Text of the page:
Hot spot in war: Syrian Kurdish town of Kobane
KOBANE / ŞANLIURFA
Kurds clash with Turkish soldiers near the Syrian border after Turkish authorities temporarily closed the border at the southeastern town of Suruç in Sanliurfa province, on September 21, 2014. AFP PhotoThe Islamic State of Iraq and the Levant (ISIL) has seized dozens of villages in a lightning offensive as it closed in on the Syrian Kurdish town of Kobane, prompting a mass exodus of its residents.
After ISIL’s siege of Kobane, more than 130,000 Syrians arrived in the Turkish province of Şanlıurfa, which officially hosts nearly 200,000 internally displaced people, mainly from Syria’s Kurdish minority. ISIL is continuing to clash with forces from the People’s Defense Units (YPG) and the Democratic Union Party (PYD) in Tell Abyad and Kobane.
Hürriyet correspondent Faruk Balıkçı travelled to Kobane to report from the war-torn town:
- Syrian Kurds who were fleeing their homes reportedly said they had no chance for survival other than leaving their villages, as ISIL militants have surrounded Kobane.
- At the entrance to Kobane, a YPG member joined the reporters. They headed to the center of the town together in a car provided by the YPG.
- While proceeding to Kobane, Kurdish songs and the YPG anthem were playing in the car. The driver turned the volume up to give moral support to locals when they approached the center of Kobane, which has largely become a ghost town.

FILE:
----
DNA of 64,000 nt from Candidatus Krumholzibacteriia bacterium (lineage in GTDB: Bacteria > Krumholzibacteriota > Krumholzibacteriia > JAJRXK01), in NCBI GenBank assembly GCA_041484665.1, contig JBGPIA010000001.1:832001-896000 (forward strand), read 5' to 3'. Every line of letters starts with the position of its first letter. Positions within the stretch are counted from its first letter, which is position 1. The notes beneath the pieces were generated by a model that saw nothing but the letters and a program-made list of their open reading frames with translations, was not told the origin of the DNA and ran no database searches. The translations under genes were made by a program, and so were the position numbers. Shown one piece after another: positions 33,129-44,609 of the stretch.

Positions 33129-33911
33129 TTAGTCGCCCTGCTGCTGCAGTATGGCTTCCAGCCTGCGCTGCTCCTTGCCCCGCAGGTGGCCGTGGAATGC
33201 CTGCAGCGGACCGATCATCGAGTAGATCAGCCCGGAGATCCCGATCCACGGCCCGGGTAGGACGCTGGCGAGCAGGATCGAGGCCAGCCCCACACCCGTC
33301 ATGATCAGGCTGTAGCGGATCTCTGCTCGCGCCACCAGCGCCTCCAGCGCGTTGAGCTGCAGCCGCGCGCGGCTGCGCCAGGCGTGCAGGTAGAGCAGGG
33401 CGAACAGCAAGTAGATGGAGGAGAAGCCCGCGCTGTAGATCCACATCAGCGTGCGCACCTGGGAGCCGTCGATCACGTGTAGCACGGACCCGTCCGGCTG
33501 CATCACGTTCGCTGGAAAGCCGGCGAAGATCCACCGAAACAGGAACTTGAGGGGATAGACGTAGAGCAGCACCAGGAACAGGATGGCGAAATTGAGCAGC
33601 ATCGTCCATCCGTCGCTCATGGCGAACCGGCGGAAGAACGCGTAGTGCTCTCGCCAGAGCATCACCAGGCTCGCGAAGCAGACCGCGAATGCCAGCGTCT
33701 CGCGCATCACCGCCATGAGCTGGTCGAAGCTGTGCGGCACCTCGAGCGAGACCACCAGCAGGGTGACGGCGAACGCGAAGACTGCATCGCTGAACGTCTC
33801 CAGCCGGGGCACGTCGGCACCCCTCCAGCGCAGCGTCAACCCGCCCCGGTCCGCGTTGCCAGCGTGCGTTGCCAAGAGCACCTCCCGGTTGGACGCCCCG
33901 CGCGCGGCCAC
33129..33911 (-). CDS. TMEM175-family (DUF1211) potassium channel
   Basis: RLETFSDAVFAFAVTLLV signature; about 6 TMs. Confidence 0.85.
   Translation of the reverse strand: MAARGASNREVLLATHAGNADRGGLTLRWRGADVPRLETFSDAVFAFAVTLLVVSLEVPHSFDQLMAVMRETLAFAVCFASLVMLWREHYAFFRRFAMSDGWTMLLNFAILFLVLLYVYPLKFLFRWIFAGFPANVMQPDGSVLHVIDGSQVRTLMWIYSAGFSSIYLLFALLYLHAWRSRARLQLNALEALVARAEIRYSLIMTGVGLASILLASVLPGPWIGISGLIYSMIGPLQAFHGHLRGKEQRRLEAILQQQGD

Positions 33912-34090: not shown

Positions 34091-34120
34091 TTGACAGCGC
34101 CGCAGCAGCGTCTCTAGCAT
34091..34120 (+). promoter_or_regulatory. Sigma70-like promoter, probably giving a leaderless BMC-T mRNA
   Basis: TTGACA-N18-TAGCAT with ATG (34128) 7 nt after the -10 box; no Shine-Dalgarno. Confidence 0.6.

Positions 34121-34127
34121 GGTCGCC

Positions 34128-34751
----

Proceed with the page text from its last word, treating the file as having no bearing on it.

- Civilians were poised for a possible battle in the town, armed with their guns.
- Barriers have been built around the entrances of the town.
- The town's only hospital is being used for emergency cases only, as the electricity has been cut by ISIL.
- Some 200 people, including some who have come from Turkey to fight ISIL, registered at the security center.
- Newcomers are not sent to the battlefront, but are instead assigned to defend the town, YPG members said, adding that all new recruits “will be trained.”
- Sipan Hemo, the YPG member responsible for Kobane, said they would "resist to the end" and vowed not to give up Kobane to ISIL.
“This is not the first attack, but it is the first time [ISIL] has used such heavy weapons. Around 250 ISIL members have been killed since the attack began. The YPG hit ISIL heavily and seized some heavy weapons. Most of ISIL’s weapons are from Turkey,” Hemo said.
“The people who can fight stay in Kobane. It is mostly the elderly, women and children who migrate,” he added.
Clashes on the border
Clashes erupted near the Syrian border with Şanlıurfa on Sept. 21, when security forces prevented Kurds from crossing the border to battle the jihadists’ besieging Kobane.
The group, which gathered at a tent built by members of Democratic Regions Party (DBP) in Suruç, threw stones at security forces as police responded with tear gas and water cannons to disperse them.
As many as 6,000 Kurds clashed with the police at one point, before security forces drove them almost five kilometers from the border.